Medical intervention in the early stages of MD can help preserve inner ear function,2,6 and therefore it is important to identify these patients with possible MD. This particular subpopulation of MD patients has the best chance for functional preservation with intervention, but unfortunately possible MD has an enigmatic presentation. This can delay the diagnosis to the point where inner ear function may be compromised. This group of patients is uniquely poised to benefit from any method to increase sensitivity in confirmatory testing. We advocate initiation of medical therapy for MD based on the clinical presentation consistent with possible MD, exclusion of other pathological conditions, and confirmation with area curve ratio when the SP/AP ratio is negative. In cases where the clinical suspicion is high for possible MD, ECochG is negative (by either area curve or amplitude ratio), and the patient can tolerate medical therapy, we advocate initiating medical therapy (sodium intake restriction with or without diuretic therapy) immediately to see if patients will respond. The duration of empiric medical therapy, as well as repeated audiogram and ECochG, is tailored to the patient based on symptom progression; testing should be repeated if the patient's previous workup results are negative but symptoms continue to worsen.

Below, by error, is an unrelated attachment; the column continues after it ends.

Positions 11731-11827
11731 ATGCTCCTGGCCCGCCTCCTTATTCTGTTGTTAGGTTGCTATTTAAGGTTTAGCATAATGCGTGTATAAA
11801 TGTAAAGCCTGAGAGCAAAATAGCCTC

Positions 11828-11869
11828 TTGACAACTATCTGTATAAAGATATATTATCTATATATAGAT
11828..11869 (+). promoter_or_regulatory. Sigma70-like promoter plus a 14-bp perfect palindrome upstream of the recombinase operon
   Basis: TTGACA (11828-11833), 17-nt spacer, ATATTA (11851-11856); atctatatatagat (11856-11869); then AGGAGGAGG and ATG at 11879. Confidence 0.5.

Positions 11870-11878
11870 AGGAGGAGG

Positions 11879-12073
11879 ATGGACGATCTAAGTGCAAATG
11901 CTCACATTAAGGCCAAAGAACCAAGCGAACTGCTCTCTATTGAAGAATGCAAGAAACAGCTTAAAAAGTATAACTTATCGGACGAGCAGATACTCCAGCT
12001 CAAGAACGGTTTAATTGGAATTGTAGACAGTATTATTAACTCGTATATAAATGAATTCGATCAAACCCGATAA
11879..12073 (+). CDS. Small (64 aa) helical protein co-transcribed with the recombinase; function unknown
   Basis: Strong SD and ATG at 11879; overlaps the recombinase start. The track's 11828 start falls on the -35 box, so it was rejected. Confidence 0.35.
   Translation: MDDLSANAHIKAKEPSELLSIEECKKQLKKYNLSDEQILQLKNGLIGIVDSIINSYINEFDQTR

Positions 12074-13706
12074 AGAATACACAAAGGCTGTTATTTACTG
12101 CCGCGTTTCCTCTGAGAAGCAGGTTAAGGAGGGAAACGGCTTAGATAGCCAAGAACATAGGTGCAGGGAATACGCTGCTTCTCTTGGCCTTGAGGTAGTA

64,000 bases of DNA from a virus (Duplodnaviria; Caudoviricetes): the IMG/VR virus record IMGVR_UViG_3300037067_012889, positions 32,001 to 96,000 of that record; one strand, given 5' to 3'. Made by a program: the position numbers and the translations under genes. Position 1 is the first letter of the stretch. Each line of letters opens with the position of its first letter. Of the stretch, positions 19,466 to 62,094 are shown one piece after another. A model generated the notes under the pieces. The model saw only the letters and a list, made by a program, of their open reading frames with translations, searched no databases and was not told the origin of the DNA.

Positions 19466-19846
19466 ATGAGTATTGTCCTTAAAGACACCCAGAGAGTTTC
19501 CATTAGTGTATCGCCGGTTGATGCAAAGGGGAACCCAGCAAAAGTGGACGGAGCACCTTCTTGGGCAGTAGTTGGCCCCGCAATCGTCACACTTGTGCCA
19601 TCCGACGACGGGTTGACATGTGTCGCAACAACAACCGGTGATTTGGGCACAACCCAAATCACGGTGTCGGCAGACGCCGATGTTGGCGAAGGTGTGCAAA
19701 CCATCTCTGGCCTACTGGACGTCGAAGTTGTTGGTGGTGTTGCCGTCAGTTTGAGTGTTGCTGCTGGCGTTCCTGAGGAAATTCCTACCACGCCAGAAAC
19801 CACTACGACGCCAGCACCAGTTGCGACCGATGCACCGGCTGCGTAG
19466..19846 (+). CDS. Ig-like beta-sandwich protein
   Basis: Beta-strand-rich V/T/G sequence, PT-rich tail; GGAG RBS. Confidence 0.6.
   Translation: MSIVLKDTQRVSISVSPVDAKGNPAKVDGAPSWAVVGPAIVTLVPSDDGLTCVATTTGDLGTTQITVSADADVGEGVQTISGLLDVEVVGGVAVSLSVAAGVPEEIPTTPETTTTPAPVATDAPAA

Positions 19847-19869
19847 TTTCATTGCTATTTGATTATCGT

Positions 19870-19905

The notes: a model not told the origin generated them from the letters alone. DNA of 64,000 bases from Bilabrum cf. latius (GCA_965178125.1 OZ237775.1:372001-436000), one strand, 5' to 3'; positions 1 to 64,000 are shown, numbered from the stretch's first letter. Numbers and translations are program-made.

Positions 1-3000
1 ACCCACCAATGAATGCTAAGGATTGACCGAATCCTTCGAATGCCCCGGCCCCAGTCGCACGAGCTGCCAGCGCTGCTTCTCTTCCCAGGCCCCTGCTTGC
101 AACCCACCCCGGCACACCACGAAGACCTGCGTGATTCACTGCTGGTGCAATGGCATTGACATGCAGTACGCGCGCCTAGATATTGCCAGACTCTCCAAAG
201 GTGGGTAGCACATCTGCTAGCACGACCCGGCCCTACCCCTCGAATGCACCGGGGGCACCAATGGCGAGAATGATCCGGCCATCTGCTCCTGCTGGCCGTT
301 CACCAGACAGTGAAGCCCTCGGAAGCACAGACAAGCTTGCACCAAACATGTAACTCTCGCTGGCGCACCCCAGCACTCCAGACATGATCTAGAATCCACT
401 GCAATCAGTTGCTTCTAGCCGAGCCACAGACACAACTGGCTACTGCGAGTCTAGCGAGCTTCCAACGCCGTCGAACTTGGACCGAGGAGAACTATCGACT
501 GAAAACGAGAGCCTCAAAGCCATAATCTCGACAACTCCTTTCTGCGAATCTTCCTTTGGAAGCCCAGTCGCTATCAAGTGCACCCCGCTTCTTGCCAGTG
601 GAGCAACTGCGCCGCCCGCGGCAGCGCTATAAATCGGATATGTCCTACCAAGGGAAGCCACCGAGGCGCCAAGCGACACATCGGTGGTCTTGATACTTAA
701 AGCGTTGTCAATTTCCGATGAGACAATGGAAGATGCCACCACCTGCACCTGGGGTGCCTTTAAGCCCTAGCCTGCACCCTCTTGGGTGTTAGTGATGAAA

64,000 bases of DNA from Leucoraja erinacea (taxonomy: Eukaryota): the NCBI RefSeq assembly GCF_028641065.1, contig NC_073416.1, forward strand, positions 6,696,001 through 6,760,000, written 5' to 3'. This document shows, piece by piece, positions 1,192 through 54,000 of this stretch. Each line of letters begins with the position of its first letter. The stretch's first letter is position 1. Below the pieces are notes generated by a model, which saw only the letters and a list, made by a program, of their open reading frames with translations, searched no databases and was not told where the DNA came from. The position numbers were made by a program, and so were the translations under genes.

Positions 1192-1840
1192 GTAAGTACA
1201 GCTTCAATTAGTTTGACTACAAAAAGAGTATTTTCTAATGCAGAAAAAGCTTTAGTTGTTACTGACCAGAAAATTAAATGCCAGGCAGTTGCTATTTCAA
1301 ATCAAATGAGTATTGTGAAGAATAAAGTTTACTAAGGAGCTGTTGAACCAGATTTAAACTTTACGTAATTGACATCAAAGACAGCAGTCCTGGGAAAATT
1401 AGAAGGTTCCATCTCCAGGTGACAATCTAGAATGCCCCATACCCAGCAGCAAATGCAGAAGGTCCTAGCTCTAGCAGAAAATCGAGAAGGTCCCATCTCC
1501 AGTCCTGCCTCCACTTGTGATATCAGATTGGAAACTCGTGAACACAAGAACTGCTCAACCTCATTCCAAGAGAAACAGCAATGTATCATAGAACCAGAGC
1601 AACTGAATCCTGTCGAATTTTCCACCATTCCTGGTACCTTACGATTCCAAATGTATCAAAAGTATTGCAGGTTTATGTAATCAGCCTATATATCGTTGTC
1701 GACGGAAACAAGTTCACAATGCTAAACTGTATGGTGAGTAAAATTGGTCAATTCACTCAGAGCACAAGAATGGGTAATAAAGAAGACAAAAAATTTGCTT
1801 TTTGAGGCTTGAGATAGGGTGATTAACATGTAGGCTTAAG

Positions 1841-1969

To improve the likelihood of detecting ECochG abnormalities in patients with possible MD, we now calculate both the area curve ratio and amplitude ratio measurements. The SP/AP area curve ratio is sensitive to the widening of the SP/AP complex, which is not detected by computing SP/AP amplitude ratios.4,10 Ferraro and Tibbils1 looked at the SP/AP area ratio using a control population for comparison. In addition, they classified patients according to 1995 AAO-CHE subgroups of MD, focusing on those with more clear-cut symptoms consistent with MD. They found excellent agreement between SP/AP area ratios and amplitude ratios, and an improvement in sensitivity using the area ratio. However, patients with possible MD were not included in their study.